Having largely become an issue due to uncomfortable individuals accusing mothers of introducing "biohazardous" materials in public venues, it has long befuddled me how something so natural and completely innocent could be misconstrued as dangerous, lewd or "disgusting." A baby needs to eat just as the rest of us do and I don't see non-closed mouth chewers facing the same social commentary about their preferred eating method despite the truly displeasing sight their public mastication presents. But while it may, to some degree, be justifiable to politely ask such individuals to shut their faces, the difference I see between their choice to share their meal with others and breastfeeding in the public sphere is that a mother doesn't choose when her child must feed or where God made her milk come from. I cannot tell you how infinitely more convenient I would find it to nurse with a finger or something that would enable a wider wardrobe, free my mobility and save my favorite shirts from the accidental leak or lanolin stain. But, as it is, the breast was made for the purpose of feeding and the fact that we have attached a sexualized stigma to it or socially distanced ourselves from the source of our food (hello, that nugget you're eating is actually chicken; yes, as in "cluck cluck") doesn't diminish the function or utility that God intended of it. Breastfeeding is beautiful and not something to be regulated.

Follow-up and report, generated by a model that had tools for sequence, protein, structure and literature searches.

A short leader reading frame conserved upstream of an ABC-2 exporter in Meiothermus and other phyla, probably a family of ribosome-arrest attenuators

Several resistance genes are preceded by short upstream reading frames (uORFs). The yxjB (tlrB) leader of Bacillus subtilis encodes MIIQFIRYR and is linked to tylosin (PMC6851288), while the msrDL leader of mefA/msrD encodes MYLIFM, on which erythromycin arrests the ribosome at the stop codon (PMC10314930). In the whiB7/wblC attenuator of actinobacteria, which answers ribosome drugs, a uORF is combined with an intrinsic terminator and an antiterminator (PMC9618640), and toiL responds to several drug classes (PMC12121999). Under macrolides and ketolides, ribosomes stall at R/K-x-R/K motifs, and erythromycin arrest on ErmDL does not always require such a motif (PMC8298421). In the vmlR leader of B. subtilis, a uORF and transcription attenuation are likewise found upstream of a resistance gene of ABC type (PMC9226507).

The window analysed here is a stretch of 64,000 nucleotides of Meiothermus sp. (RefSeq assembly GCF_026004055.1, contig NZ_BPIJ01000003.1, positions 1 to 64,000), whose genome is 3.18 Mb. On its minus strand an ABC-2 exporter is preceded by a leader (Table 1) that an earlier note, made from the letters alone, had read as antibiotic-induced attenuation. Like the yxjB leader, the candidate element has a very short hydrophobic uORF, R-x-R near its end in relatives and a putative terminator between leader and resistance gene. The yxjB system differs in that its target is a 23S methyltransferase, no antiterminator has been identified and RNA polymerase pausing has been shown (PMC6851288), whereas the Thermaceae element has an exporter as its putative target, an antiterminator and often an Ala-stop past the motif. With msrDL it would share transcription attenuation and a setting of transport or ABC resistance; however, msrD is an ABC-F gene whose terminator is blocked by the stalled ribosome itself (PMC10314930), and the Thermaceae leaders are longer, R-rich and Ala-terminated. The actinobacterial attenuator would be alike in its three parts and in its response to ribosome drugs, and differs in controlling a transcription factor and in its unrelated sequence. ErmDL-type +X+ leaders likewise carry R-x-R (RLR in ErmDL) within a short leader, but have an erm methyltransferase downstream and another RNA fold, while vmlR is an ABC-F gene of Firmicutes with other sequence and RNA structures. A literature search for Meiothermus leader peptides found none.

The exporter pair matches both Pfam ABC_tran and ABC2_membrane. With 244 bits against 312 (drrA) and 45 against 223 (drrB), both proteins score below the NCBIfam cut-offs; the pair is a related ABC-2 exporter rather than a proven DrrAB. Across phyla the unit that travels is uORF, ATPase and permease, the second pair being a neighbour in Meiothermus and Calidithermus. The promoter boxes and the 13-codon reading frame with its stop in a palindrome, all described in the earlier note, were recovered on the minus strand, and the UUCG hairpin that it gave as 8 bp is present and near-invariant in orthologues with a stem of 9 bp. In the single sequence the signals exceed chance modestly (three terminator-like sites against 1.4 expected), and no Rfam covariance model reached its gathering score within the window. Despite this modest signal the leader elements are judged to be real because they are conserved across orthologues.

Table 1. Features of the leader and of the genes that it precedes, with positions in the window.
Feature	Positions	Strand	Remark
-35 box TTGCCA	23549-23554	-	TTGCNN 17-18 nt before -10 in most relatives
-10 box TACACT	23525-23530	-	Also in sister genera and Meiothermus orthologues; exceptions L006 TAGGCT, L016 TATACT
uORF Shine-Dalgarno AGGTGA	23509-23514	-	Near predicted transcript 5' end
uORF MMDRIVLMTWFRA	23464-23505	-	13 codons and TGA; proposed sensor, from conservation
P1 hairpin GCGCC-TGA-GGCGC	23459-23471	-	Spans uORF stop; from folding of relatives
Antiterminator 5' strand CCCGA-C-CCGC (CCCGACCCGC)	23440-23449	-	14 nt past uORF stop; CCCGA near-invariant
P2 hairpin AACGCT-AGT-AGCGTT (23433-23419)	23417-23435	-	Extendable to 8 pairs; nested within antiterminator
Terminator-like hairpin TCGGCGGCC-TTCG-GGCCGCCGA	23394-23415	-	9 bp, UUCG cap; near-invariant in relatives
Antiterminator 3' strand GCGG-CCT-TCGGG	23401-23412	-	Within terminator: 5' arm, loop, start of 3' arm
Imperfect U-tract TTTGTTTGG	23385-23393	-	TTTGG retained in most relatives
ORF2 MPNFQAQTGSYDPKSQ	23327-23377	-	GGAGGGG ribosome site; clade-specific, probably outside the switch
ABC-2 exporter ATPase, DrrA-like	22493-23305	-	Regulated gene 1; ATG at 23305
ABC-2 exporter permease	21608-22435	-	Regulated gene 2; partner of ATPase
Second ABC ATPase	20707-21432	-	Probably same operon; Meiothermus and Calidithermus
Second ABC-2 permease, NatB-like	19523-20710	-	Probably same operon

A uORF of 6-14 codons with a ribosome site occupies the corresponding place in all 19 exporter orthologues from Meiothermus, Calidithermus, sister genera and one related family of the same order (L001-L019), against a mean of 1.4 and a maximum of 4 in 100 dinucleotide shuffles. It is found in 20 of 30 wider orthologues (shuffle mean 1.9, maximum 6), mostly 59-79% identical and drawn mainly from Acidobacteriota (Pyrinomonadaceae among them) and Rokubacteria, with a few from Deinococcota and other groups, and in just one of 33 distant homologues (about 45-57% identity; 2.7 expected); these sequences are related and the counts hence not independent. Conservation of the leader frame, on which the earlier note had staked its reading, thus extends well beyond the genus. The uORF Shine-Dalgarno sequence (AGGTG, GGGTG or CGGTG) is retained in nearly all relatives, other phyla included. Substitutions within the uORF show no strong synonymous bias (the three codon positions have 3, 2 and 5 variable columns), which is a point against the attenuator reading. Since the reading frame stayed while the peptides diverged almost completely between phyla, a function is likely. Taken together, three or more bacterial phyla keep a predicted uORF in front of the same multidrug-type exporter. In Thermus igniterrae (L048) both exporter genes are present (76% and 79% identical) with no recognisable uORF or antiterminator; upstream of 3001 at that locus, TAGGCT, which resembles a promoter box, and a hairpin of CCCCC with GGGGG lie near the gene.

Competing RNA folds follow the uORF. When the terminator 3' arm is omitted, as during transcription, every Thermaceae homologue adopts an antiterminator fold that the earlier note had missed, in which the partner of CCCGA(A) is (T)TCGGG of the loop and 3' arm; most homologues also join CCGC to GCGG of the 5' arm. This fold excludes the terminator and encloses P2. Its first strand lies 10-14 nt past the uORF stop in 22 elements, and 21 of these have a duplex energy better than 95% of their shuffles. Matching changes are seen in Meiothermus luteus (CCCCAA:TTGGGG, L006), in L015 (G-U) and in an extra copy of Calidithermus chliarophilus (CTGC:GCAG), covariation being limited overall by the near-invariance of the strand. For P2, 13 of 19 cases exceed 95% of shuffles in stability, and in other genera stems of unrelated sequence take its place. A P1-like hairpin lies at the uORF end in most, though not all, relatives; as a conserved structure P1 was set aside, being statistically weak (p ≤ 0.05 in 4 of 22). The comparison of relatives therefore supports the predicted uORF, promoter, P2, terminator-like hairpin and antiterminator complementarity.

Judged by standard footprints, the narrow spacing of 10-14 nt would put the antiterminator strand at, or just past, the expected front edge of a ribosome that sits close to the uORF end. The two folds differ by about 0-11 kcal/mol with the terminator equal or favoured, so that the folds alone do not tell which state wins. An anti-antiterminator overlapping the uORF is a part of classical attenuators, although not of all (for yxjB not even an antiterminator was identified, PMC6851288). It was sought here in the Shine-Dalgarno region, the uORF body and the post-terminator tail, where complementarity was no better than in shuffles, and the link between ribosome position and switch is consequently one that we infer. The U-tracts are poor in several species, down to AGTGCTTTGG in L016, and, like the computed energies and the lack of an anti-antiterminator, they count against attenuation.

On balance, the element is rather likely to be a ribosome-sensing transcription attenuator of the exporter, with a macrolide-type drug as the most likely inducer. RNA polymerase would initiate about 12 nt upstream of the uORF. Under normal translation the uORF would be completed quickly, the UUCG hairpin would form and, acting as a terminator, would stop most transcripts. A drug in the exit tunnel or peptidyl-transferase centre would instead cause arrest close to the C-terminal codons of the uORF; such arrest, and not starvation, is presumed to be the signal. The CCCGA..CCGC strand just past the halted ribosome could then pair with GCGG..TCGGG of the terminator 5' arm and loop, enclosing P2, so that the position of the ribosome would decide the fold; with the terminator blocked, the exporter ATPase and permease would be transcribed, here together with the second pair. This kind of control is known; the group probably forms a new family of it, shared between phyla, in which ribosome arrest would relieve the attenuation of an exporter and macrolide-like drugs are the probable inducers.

As I am heading in to have baby #3 in a few short days, this victory for breastfeeding mothers couldn't come at a more prefect time. I plan to nurse this child just as I did with the first two and, while I prefer to cover and keep the breast-formed bond between me and baby private, I am so grateful that the state has taken the next step to protect a mother's rights to nourish her infant and in doing so combat the discrimination that was no less ignorant than past issues of class, religion, gender or race. There is so much pressure to make this decision or that choice with regards to how we act and how we raise our children that this new law makes me, as a Mom, feel greatly more empowered to do what is right by my children without fearing that my actions will result in unnecessary drama or legal trouble simply by feeding outside the home. I've known in my heart since the first day my oldest was born that breastfeeding was right for me and right for our family, but having someone beyond my husband and my intimate friends accept and understand that was a reach -- until now.
So, thank you, Virginia, for the birth day gift you've given me and my new son. You can bet we'll celebrate your twenty-first century solution the next time errands and snack time just happen to overlap.